"Edward Snowden is a national hero and should be immediately issued a full, free, and absolute pardon for any crimes he has committed or may have committed related to blowing the whistle on secret NSA surveillance programs," the petition says.
The petition has until July 9 to reach 100,000 signatures, the number needed to be addressed by the Obama administration.
However, many in Congress are calling him everything but a hero.
"I think he's a defector or traitor - take your pick," said Rep. Peter King, R-NY, according to CNN. "What he's done is incredible damage to our country; it's going to put American lives at risk. I don't know how he can live with himself. A traitor is as good a term as any. I think he violated the Espionage Act."
Snowden was working at the Hawaii office of Booz Allen Hamilton, a private intelligence contractor that works for the National Security Administration, where he obtained top secret government material and released it to the news publication The Guardian.
The story broke on June 5, causing a major uproar in what many have described as the biggest intelligence leak in American history.
"I have no intention of hiding who I am because I know I have done nothing wrong," Snowden said to The Guardian.
President Obama has defended the government surveillance program, saying the specific targets are not American citizens, but foreign nationals, and believes that specific "safeguards" put in place in the surveillance help his administration fight terrorism.
Snowden was last seen in a hotel in Hong Kong on Monday. The federal authorities are looking for him and his computer to investigate what other information he has obtained.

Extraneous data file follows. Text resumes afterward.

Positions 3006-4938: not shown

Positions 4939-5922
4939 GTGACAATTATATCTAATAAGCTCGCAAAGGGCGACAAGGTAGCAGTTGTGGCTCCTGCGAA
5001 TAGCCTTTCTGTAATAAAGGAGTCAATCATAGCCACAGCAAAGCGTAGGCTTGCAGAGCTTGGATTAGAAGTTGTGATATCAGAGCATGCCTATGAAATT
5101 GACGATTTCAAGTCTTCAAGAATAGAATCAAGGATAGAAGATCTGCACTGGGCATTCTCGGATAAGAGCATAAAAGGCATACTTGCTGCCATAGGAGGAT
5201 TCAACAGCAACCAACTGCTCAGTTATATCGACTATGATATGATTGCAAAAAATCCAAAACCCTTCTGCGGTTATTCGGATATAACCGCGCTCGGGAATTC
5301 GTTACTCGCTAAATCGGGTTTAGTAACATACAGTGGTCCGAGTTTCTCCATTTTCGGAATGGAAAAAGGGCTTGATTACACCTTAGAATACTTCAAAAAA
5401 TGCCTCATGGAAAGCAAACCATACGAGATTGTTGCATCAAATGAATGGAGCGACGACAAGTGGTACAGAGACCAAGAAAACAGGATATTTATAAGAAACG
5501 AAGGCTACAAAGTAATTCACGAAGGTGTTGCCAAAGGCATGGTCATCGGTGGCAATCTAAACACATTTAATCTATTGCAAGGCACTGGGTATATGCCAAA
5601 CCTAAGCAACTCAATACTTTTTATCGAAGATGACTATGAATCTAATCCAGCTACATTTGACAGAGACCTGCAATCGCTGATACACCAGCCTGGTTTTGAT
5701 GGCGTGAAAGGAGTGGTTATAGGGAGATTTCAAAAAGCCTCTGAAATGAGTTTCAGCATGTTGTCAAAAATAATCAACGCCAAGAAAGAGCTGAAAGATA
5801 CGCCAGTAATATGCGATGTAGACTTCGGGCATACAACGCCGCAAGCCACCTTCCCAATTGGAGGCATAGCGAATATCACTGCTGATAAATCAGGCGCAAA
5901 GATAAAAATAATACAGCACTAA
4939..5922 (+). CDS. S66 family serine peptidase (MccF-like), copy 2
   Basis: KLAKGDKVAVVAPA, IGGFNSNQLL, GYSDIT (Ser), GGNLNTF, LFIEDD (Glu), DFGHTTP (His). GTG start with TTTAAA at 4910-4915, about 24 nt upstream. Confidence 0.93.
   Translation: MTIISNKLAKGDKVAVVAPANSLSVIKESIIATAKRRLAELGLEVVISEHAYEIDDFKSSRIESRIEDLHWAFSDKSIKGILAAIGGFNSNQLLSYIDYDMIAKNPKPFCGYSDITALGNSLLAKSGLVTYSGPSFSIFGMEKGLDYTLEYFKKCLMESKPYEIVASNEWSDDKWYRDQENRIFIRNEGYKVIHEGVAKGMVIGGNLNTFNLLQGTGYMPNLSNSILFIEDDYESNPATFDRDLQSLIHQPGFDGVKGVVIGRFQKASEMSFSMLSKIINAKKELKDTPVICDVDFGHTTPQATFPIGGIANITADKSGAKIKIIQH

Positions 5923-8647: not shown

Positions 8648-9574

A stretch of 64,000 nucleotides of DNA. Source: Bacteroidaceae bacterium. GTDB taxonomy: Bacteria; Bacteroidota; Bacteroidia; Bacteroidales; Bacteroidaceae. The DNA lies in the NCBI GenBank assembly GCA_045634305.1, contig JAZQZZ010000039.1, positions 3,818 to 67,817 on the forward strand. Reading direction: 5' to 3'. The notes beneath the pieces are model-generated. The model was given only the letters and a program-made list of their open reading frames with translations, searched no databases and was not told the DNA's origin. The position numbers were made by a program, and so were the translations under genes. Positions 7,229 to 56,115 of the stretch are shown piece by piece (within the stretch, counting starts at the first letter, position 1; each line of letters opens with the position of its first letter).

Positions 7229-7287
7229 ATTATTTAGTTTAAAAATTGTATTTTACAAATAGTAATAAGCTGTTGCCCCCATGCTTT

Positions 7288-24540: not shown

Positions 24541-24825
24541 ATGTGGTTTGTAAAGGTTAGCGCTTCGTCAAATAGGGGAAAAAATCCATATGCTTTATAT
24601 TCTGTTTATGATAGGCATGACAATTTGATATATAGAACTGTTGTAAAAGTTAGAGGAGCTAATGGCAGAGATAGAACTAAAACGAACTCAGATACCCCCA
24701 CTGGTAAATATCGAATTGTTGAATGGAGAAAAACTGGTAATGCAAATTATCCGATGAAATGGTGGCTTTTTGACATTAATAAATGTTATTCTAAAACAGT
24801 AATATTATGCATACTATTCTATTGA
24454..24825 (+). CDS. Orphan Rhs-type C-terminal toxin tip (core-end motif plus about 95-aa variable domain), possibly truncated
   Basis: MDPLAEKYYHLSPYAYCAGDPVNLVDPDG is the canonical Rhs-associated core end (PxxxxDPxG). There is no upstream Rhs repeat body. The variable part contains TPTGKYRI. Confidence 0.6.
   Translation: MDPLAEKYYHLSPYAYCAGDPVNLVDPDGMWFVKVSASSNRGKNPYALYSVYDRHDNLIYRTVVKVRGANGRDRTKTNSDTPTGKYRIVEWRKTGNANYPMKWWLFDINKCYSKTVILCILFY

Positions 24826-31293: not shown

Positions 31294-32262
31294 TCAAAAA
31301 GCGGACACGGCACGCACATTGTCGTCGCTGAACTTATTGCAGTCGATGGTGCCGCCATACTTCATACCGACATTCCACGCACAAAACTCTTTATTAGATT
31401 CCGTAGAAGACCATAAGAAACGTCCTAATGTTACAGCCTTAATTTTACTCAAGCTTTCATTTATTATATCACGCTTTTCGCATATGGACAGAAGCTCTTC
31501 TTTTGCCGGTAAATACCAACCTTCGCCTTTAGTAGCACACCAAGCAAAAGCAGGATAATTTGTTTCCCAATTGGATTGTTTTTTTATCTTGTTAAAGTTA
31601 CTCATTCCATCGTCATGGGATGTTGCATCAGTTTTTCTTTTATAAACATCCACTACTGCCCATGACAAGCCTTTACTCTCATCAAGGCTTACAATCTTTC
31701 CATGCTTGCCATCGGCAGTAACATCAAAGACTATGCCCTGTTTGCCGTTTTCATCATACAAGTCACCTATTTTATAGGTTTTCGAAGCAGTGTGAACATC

According to the Associated Press, Russia's Kommersant Daily reported that Moscow said it may provide asylum for Snowden. Other countries that Snowden might attempt to escape to include: China, Taiwan, Vietnam, Laos, Cambodia, North Korea or Iceland - none of which have extradition agreements with the United States.
The American Civil Liberties Union filed suit with the Obama administration Tuesday, "asking the government to halt phone-tracking programs that collects the telephone records of millions of Americans," calling it "unconstitutional" and cites the heads of the NSA, FBI, the Department of Defense and the Department of Justice as violators of the First and Fourth Amendment, according to the Associated Press.
A Philadelphia couple has also filed a lawsuit, alleging the government singled them out for their criticism of the U.S. Army following the death of their son who was a Navy SEAL. They are claiming $3 billion in damages
Snowden's massive top-secret information leak comes at the same time as Army Pfc. Bradley Manning faces court martial in his information sharing to the website Wikileaks in 2010.
Copyright 2013 Raycom News Network. All rights reserved.
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